You get a call. Someone has done something bad – in this case, failed to select the
WHERE clause when running an
UPDATE statement against your production database. Oops.
Leaving aside thoughts of “why is he messing with production data”, how do you get out of this?
Knee-jerk Response – RESTORE
The initial knee-jerk reaction –
RESTORE from the last good backup – is an option. However, it’s going to cost you data, publicity, image, etc. Is there a better way?
If you don’t know the structure of your data, then before you follow through on your initial panic-laden response, have a quick look at the table that’s been hit. You might be pleasantly surprised. I was. There’s a column called “LastModifiedDate” that is updated when an in-house application writes data to the table that was affected. And nothing had been officially updated for over an hour before the disaster, which meant that the most recent transaction logs would have been before the disaster struck.
My solution to this particular problem was obvious, given the above information.
- Restore to the last known good backup in the DR environment. Fortunately, I had a script that took just five seconds of editing to make sure it only restored the affected database
OPENROWSETto copy the appropriate data from the DR environment to a temporary table on the production environment
UPDATE...FROM...to correct the data in the production database
In this case, I was lucky – I knew that those steps were available to me, *but*, I’m embarrassed to admit that I wasn’t sure of the exact syntax. So here’s the learning from my perspective.
Basic OPENROWSET syntax:
SELECT foo.* FROM OPENROWSET('<<Provider>>', '<<ConnectionString>>', '<<Query>>' ) AS foo
UPDATE statement, as well as allowing for a basic UPDATE of a single table based on rules against that table, allows for you to update a table based on data in another table (or view, or JOIN, or…). Check the MSDN documentation for the UPDATE statement, and scroll down to where it says “Updating data based on data from other tables”. The basic syntax:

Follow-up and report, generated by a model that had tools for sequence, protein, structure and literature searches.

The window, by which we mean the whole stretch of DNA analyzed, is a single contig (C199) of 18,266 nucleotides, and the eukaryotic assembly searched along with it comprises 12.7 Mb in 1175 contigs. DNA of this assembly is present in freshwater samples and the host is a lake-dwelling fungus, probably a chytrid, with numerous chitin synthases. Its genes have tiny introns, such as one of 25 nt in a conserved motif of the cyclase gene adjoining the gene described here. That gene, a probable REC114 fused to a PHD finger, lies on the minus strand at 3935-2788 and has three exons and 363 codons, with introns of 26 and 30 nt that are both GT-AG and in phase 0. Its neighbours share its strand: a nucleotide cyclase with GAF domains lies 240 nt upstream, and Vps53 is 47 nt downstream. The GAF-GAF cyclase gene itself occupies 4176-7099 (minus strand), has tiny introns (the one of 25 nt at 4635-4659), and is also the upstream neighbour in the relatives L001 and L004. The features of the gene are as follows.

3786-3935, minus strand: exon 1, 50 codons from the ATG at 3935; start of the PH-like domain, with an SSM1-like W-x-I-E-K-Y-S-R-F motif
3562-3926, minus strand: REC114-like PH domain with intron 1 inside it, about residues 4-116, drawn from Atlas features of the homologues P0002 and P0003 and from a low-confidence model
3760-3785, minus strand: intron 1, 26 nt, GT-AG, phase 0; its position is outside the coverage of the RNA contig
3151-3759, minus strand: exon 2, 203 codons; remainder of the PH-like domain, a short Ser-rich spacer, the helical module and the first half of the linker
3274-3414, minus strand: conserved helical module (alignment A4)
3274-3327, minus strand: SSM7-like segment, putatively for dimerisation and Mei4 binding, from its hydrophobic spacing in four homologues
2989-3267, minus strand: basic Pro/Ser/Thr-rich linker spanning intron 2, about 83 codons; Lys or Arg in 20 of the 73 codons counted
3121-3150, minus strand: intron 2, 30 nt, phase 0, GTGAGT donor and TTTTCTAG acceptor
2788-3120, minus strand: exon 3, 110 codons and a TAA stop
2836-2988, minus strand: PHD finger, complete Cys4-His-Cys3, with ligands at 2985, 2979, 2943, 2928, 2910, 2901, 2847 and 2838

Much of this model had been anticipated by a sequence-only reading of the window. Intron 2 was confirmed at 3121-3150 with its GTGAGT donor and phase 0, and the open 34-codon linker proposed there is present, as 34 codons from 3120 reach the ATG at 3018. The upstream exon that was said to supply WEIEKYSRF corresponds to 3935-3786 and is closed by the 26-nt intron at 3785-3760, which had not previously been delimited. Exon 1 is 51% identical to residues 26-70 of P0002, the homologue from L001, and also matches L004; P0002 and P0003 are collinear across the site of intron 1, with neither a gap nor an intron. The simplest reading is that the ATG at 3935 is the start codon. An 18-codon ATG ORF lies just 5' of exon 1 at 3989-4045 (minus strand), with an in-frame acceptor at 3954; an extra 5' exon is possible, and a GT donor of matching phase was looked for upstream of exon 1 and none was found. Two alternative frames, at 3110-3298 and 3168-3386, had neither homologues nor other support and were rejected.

UPDATE <<TableToUpdate>> SET <<field>> = ot.<<field>> FROM <<TableToUpdate>> t JOIN <<OtherTable>> ot ON t.Key = ot.Key WHERE...
OK, so it wasn’t necessarily the fastest fix I’ve ever done – the whole process took about 30 minutes. However, the examination of the data affected, and consideration of the options meant that no transactional data was lost in that situation, and that therefore the impact to the business was negligible.
In modern times, with modern software (eg Red-Gate’s Backup and Virtual Restore or Quest’s Litespeed), it might also have been possible to do this with an object-level RESTORE. Or, with RedGate, just by mounting the backup as if it were a database, and using that to do the UPDATE…FROM.
Prevention is better than cure
Of course, this sort of thing could have been prevented. Some options for this include:
- Not allowing access without going through applications. This isn’t necessarily helpful, as users will make mistakes that require correction via direct data manipulation
- Trigger to prevent mass updates on the table – more interesting, but a pain to implement across all tables within a database, and would cause performance problems for maintenance-style applications. I’ll put together some notes on this later.